Another one: using your indicators. In Brazil, nah… no such bother. Here, all I can hear in my car when driving (unless I’m on a very long straight road like a motorway, which really never happens) is the tic tac, tic tac of the indicators. Good girl, me.

But it’s not just in traffic that the ‘following the rules rule’ is followed with no complaints. People form queues, people say please and thank you, people let other people go first, people don’t say rude things to other people in the street. Is this what they call civilization? I like it, I like it a lot. And I think I really got used to it, because when I go back to Brazil, certain things leave me gobsmacked!

I’m not trying to say that one country is better than the other, not at all. I’m talking about differences and how certain nationalities behave differently. If I was to give any advice to anyone wanting to make England their home, I’d say: follow the rules and you will be fine, you will fit right in.

Now, if you wanted to move to Brazil, my advice would be quite another. Get yourself some good sunglasses because there, my friend, you have to get used to what the Brits can’t have and crave so much: a glorious sunshine.

Categories: Brazil, Living away from home, My home, Rules | Tags: , , , , , , , | Leave a comment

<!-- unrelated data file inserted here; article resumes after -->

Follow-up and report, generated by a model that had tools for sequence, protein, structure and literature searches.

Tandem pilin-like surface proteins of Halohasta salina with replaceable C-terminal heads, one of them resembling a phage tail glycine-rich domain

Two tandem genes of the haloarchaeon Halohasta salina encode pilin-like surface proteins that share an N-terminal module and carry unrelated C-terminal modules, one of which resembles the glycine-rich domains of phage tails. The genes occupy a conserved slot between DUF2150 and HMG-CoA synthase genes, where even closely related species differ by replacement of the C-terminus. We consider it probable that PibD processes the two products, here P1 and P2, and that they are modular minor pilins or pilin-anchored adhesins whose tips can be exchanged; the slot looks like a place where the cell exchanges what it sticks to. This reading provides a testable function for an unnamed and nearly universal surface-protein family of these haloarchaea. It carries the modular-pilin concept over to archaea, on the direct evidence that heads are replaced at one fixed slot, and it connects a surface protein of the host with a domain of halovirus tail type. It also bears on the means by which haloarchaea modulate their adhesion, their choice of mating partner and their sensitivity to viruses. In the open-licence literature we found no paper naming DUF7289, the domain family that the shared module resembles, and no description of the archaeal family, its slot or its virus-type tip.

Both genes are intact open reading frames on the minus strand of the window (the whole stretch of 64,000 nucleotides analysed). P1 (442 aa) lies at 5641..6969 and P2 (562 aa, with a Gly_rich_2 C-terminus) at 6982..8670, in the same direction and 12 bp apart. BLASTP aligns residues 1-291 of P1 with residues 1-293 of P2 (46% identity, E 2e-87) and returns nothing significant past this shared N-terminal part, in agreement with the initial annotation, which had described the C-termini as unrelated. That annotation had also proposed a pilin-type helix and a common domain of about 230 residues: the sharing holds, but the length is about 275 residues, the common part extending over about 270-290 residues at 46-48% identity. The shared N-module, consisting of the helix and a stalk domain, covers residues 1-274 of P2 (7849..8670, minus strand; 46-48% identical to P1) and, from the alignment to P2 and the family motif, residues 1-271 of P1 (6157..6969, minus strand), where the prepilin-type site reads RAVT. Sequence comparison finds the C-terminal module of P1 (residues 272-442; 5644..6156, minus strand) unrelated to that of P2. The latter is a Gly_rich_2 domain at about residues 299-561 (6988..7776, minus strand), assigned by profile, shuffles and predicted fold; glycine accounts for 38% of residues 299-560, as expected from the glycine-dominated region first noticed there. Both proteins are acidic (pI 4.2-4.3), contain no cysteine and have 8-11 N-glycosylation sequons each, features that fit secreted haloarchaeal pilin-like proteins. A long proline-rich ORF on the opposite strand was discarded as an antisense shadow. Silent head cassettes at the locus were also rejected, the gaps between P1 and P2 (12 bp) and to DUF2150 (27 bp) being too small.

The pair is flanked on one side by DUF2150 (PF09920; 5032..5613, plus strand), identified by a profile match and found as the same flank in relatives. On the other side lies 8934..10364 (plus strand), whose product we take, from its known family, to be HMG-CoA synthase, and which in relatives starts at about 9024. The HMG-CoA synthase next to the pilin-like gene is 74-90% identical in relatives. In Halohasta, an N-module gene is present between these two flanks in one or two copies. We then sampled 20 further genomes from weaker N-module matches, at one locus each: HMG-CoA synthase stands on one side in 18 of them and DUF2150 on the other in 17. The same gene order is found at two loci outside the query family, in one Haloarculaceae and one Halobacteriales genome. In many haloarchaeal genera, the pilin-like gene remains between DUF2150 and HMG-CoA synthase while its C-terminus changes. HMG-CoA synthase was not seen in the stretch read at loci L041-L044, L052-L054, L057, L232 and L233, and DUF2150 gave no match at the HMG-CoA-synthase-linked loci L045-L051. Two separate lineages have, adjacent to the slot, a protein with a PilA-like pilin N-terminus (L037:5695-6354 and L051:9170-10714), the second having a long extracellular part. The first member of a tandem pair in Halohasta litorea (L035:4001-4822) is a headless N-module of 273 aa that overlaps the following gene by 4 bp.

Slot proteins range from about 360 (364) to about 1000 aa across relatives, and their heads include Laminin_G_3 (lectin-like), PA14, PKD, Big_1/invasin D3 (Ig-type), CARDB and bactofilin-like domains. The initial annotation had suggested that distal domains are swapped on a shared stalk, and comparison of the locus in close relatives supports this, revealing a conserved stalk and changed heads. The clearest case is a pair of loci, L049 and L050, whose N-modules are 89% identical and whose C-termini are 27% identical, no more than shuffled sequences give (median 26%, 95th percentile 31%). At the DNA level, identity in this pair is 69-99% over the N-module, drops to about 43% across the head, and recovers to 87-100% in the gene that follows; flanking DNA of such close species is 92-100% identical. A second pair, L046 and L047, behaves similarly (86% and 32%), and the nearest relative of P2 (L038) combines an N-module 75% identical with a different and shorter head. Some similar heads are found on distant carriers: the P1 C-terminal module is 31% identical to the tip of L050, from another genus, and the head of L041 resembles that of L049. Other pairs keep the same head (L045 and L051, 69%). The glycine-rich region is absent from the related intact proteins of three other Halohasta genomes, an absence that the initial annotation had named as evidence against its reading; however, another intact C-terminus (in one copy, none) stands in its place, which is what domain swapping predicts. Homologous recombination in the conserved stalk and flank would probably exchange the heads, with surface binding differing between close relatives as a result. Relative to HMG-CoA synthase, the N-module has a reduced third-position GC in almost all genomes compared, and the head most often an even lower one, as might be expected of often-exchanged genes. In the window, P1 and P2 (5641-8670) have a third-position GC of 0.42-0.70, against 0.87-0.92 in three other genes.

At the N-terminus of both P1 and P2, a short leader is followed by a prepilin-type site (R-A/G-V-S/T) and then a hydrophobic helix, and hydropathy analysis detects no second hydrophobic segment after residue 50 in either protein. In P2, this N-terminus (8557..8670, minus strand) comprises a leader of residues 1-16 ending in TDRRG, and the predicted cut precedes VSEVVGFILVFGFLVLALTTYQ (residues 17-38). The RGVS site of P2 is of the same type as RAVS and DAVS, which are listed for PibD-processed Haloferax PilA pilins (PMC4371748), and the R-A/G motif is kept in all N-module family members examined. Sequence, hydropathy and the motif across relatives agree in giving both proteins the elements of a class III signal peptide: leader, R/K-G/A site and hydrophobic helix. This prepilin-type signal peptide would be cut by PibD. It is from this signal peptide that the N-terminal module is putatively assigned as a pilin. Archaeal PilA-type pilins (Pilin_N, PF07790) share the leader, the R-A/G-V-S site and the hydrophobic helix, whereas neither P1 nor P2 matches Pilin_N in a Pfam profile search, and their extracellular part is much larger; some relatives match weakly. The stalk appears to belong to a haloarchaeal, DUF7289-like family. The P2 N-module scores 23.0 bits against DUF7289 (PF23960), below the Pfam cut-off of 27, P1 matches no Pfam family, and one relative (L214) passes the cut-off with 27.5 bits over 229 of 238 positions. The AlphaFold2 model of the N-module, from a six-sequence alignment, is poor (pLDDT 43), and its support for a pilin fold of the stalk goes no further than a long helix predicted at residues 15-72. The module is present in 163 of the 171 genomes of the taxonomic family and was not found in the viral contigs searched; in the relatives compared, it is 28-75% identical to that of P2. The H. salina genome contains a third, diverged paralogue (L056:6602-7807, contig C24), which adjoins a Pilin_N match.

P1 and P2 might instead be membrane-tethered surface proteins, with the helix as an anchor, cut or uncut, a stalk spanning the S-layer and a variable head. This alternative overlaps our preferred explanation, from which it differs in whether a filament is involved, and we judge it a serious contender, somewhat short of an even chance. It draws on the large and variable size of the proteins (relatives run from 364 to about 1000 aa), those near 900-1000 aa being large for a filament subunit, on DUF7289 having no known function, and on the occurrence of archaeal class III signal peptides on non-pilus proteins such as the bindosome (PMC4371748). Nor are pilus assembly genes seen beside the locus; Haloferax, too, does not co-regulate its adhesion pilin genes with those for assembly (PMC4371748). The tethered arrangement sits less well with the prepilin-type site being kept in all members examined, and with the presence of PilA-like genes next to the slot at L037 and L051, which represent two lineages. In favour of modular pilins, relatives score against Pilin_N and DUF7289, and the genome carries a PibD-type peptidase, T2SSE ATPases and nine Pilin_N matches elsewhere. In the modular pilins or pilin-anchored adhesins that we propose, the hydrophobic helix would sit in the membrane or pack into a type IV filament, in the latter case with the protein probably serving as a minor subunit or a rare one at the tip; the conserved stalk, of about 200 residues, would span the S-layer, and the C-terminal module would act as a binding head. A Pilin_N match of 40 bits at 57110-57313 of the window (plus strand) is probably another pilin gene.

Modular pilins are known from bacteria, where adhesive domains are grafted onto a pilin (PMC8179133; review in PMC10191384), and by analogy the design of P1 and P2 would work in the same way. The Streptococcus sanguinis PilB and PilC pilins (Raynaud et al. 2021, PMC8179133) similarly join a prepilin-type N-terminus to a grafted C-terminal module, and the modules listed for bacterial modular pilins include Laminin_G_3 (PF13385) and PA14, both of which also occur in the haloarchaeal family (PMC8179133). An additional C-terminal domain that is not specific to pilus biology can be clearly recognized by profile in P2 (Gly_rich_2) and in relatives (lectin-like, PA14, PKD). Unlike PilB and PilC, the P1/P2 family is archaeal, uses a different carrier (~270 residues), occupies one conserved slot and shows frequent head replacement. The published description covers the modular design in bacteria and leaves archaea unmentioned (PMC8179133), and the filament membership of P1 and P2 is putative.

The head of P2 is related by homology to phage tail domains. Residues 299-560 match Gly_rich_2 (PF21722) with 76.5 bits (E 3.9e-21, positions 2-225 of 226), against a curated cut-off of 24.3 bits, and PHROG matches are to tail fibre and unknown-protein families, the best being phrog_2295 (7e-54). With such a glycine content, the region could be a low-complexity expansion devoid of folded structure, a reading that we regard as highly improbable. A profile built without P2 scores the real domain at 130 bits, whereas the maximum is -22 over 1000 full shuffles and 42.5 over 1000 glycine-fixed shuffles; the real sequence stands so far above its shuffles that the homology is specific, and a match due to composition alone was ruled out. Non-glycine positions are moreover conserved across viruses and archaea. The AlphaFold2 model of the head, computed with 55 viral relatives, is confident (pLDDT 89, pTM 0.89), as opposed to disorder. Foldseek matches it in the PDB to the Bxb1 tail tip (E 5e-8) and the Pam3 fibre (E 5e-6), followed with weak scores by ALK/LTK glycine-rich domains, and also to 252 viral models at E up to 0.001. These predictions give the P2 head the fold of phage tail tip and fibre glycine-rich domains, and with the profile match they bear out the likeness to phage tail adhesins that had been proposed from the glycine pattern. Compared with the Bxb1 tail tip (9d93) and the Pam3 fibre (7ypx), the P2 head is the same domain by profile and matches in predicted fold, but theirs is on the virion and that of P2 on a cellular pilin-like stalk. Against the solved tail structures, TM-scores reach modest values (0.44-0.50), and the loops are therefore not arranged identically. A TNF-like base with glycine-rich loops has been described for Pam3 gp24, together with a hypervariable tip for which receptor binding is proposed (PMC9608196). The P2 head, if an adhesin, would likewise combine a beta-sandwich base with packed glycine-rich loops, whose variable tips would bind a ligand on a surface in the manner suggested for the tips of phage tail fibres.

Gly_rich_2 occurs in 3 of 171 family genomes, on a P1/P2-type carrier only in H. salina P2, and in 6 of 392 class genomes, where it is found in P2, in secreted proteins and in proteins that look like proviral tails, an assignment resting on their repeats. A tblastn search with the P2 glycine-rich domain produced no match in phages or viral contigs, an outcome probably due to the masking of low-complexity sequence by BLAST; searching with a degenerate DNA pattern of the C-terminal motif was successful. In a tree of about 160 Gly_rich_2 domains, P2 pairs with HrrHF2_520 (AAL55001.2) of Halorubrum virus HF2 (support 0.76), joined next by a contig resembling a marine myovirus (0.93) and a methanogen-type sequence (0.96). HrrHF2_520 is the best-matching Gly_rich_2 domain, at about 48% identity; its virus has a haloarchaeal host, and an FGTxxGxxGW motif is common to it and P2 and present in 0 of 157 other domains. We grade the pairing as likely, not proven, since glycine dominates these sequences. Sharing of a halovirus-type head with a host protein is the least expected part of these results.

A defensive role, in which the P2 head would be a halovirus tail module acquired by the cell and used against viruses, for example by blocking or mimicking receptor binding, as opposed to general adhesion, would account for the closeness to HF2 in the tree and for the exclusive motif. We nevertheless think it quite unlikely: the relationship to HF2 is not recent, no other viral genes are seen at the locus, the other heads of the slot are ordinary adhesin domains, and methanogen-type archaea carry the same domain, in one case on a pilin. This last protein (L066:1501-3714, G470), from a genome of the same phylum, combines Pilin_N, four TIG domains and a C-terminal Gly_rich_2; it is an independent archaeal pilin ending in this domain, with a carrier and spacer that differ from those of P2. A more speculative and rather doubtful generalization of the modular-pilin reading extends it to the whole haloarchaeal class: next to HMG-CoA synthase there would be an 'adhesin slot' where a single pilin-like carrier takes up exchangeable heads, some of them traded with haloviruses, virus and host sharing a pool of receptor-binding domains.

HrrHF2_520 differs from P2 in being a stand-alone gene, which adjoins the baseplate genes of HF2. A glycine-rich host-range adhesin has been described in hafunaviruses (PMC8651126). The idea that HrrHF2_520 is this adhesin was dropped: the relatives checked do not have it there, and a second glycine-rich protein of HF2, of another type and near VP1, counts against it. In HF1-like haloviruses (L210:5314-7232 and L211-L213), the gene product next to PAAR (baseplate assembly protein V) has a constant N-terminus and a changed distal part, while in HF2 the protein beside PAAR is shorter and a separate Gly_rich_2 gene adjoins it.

The 3 things

So, here I am today… sat on my armchair in the lounge looking out the window, which has quickly become my favourite past time. This flat simply asks for it. There is so much going on downstairs. People are parking up their cars, getting the dogs out, kids are running around and climbing the sand dunes… I even saw a running competition going on at lunchtime. It’s all great, apart from the fact that, today, Mother’s Day, it all made me feel really homesick.

I can just imagine what I would be doing if I was in Brazil today… I’d probably wake up late as usual, get dressed, try and make my sister get up as she is hard work to get up in the morning, and then generally go through the mild chaos of getting ready when there are too many people involved. It would be a day to have lunch with the whole family, a big affair but very common in Brazil. It’d probably be at someone’s house, like my auntie Ana’s, and we would all take something to make up for a great big lunch. My uncle would take care of the barbecue and we would have scrumptious meat, sausage, chicken hearts (the English don’t get this one!), potato salad, garlic bread, a big salad with fruits in it made by my stepdad and a lovely and refreshing caipirinha going round to start the celebrations.